It sounds sullen, I suppose, putting what is fundamentally a kids movie in “Finding Nemo” in the context of an morose incarcerated Moorish Idol. But it’s not simply that “Finding Nemo” is one of those Kids Movies For Adults. No, it’s an Adult Movie Seen Through The Eyes Of A Kid. I’ve been thinking about this in relation to John Hughes’s “Ferris Bueller’s Day Off”, that icona-pop classic that turned thirty years old this month. I’ve been thinking about it because there is a curious tendency for so many critics to apply –isms – be it classism, escapism, realism, even Reaganism – to a movie whose titular character openly derides –isms. Now he doesn’t deride them because the movie is anti-intellectual; he derides them because he’s a teenager and most teenagers are more into posters on their wall of John Lennon quotes than –isms. And that need to apply –isms to a movie that deliberately seeks to hurl them out the window to go for a joy ride instead speaks to a recurring problem of people who can’t remember what it was like to be a certain age. Hughes is inviting us to view the world through the eyes of Ferris Bueller, but a lot of people seem oddly more determined to see it through the eyes of Ben Stein’s Economics Teacher, wondering what this monologue on the Smoot Hawley Tariff Act really means.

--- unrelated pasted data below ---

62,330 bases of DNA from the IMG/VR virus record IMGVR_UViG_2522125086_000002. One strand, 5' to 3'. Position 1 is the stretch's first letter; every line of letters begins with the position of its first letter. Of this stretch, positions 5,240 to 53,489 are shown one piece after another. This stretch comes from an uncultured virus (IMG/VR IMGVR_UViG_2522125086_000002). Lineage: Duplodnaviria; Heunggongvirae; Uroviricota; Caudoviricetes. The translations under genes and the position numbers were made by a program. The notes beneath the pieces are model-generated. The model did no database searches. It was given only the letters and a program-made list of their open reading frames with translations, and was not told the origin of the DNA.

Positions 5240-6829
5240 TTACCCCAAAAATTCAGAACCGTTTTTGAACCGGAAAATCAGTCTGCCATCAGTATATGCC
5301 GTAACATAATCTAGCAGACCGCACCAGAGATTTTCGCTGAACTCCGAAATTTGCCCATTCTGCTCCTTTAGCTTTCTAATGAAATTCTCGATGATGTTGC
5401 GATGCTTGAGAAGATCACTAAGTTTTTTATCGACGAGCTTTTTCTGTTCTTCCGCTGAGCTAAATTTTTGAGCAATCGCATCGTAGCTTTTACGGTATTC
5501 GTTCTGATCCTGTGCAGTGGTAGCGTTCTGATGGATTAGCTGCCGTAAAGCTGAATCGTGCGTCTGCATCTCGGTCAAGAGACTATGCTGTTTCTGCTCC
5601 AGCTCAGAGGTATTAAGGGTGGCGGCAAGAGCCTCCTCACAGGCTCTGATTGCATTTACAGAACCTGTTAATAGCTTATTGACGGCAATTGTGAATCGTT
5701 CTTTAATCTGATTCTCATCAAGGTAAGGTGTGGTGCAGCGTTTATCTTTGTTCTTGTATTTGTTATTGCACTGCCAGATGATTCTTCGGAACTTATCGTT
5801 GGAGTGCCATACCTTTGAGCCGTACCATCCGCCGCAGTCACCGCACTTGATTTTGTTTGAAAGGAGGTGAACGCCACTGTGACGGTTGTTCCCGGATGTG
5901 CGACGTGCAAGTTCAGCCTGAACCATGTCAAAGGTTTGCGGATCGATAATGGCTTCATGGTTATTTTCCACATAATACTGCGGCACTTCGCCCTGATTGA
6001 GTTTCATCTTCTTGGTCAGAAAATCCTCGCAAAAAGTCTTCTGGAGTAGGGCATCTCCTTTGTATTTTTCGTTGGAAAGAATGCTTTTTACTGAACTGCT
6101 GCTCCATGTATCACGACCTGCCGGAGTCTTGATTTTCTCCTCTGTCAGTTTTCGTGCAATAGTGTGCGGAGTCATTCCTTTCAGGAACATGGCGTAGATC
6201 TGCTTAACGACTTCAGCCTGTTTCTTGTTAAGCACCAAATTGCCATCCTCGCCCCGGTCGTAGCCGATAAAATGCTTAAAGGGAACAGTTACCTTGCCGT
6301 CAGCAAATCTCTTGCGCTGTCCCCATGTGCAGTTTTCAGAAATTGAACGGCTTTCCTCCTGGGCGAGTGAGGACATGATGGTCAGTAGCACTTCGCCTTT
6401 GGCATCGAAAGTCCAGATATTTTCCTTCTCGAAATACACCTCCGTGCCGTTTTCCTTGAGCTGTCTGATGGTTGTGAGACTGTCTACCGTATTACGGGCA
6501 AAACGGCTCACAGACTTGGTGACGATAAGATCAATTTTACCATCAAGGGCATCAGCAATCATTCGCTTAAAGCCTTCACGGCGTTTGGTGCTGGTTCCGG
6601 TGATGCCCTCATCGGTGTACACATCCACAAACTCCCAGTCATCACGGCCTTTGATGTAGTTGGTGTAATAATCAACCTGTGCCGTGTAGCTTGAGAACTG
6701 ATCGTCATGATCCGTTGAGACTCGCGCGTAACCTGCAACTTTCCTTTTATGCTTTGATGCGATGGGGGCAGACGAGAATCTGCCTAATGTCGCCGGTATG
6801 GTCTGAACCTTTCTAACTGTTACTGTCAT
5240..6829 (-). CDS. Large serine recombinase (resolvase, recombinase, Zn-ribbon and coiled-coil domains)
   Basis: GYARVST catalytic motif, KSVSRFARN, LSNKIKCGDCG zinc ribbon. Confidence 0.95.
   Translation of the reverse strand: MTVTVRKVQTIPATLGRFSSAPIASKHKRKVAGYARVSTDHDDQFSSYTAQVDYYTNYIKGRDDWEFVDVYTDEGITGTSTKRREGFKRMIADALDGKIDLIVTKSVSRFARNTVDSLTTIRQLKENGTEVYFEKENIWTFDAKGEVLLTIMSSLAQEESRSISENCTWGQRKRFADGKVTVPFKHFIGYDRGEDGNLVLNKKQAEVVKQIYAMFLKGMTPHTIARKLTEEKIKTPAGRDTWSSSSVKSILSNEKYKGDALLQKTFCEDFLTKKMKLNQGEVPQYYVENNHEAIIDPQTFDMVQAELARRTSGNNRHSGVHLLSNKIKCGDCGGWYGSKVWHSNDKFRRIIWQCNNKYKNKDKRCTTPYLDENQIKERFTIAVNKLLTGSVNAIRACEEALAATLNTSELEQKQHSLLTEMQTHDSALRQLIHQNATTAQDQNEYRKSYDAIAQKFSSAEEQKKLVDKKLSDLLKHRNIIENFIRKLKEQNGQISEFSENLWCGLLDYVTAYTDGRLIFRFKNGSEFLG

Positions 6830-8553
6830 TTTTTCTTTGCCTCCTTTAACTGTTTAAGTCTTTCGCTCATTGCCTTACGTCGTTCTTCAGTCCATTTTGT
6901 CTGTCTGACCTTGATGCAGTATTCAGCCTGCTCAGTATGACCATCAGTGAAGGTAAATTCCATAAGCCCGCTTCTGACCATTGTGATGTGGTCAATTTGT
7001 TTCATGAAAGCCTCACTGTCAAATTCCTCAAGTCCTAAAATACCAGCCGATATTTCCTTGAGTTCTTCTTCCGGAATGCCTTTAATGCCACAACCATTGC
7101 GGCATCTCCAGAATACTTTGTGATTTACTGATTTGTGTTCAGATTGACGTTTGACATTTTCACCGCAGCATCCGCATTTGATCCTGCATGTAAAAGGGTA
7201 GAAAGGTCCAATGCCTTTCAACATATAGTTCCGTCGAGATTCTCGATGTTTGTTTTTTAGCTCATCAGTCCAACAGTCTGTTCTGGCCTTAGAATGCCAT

It might suggest that “Ferris Bueller” would have been smart to present its adult characters more well-roundedly as opposed to as arch-villains or clueless enablers, and while one could easily argue that Edward R. Rooney, Dean of Students, has right on his side, you could also argue that he refuses to see the world through the eyes of Ferris. There is, I have long suspected, an alternate ending to Ferris Bueller, where the titular character piles back into a sweet ride with his sister Jeanie and Rooney, and they roll down Michigan Avenue and drink virgin daiquiris in the Signature Room.
Gill’s got a little Edward R. Rooney in him. He’s not gonna try to make a break from the aquarium again cuz he knows to do so means his cheese will just get left out in the wind. But, little Nemo gives him a spark, allows him to see the world through the eyes of a little blowfish. So he makes it his mission to get Nemo out of there, and if Gill is never going to become as go with the flow as those delightful turtles, well, he still gets a little vim back in his swim.
Yet that’s also what makes the film’s tag so drastic. I mean, it’s an amusing moment, sure, and I laughed when I saw it, but the further I got from it, and the more I considered it, the more it left me stricken.
It’s a beautiful thing to see the world through the eyes of a child, until you realize it’s merely a view down a blind alley.